“Our problem, it seems, has much more to do with apathy than the inability to register.”

“Senate Judiciary Committee Chairman Chuck Grassley is asking questions about the Justice Department’s refusal to defend the actions of the Election Assistance Commission, an independent federal agency without litigation authority, despite the law requiring the department to represent the commission in court.”  The Justice Department’s “unprecedented action” could result in non-citizens being allowed to register and vote.

Grassley wrote in a letter to the EAC and the Attorney General, “The Committee must evaluate the situation and determine whether the EAC (Election Assistance Commission) needs independent litigation authority in order to truly be free from political influence from the administration.  This case involves the integrity of elections and is taking place in the context of an ongoing Presidential election process.  The potential appearance that the administration is substituting its judgment for the EAC’s is a matter of significant concern.

Become a ‘community organizer’ today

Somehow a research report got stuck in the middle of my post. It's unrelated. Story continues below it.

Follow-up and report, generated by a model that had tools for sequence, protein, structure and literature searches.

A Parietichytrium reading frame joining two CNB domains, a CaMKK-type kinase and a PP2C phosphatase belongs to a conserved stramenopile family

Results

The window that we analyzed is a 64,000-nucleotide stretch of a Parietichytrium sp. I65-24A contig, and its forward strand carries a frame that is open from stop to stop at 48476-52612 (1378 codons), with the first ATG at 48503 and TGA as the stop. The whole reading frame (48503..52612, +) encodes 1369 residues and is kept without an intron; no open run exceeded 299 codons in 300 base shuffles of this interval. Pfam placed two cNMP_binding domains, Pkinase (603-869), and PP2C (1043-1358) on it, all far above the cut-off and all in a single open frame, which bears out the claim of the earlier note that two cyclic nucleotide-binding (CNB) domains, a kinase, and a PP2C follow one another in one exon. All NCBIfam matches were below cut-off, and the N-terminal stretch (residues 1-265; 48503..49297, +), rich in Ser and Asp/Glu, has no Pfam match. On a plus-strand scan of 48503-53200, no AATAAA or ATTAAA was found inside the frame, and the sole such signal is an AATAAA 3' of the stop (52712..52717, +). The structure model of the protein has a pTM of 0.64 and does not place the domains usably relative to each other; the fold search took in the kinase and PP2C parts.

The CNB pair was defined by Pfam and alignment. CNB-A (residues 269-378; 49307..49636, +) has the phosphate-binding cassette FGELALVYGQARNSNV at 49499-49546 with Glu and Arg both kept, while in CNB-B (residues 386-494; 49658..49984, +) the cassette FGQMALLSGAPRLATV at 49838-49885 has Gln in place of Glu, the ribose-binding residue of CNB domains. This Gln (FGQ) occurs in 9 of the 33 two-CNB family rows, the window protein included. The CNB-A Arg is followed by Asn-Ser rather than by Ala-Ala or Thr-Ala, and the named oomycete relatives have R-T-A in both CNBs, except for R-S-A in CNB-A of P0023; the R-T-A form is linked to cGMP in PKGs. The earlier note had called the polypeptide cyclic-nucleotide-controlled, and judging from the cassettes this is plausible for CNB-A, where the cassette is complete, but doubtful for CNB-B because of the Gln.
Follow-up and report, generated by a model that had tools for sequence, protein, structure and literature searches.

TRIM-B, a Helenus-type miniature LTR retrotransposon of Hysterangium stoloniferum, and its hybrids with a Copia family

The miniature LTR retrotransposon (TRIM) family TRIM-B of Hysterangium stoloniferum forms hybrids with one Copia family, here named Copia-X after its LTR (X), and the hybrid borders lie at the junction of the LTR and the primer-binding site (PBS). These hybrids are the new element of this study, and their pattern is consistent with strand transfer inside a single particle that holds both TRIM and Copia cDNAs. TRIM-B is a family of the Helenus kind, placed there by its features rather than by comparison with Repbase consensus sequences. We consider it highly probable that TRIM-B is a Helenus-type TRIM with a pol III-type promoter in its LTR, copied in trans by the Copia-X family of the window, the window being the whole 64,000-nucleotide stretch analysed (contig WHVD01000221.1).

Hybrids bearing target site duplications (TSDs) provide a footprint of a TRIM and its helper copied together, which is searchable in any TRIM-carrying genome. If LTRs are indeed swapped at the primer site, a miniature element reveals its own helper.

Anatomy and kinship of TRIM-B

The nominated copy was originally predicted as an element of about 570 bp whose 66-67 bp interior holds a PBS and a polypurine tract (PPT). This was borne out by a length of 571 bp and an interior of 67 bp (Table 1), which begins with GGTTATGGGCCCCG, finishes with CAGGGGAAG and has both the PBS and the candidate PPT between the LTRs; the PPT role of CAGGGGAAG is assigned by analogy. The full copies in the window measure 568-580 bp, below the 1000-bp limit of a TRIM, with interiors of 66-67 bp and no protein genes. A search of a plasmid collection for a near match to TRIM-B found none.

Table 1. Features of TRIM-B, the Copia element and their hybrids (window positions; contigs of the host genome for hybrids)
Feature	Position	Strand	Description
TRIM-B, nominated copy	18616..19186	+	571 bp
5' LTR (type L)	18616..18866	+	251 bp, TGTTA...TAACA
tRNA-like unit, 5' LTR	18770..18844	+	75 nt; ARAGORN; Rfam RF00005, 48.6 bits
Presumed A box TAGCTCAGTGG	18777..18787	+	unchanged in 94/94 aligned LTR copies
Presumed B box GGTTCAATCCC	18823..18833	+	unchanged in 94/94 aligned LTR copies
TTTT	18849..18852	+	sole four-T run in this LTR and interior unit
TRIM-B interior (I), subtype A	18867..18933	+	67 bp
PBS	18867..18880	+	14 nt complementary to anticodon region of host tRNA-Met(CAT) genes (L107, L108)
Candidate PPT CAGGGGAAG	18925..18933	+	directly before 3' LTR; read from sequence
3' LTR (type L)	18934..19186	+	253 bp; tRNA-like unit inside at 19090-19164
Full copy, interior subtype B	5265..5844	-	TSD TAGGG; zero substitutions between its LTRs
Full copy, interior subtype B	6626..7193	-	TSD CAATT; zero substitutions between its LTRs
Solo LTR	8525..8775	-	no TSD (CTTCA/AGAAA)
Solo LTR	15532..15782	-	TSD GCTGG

The title ‘community organizer’ might not have crossed the minds of millions of Americans before 2008, but there are plenty of reasons why you should consider becoming one now. Have you ever looked at the wide variety of training opportunities provided by TTV or the countless volunteer options offered in your own area? If so, do you just feel dazed and overwhelmed when you consider the best way to get organized? You are not alone! While there are a number of established election integrity groups like Election Integrity Project of California, Election Integrity Maryland, VIP North Carolina and others, there are dozens of small groups around the country without websites and graphic designers. If you don’t know of any nearby, it’s time for you to start one.

You do not need previous political or organizing experience to get a small group off the ground anymore. True the Vote is proud to announce its latest course offering, Team Building, available in TTV’s Knowledge Network on our website! Now is the perfect time to pick up another course. Or if you haven’t already done so, open a new account and get started. Learn about time management, project delegation and general best practices for getting a small movement rolling in your neighborhood. After completing the course, you just might find some local allies in the course Forum. To begin, visit now!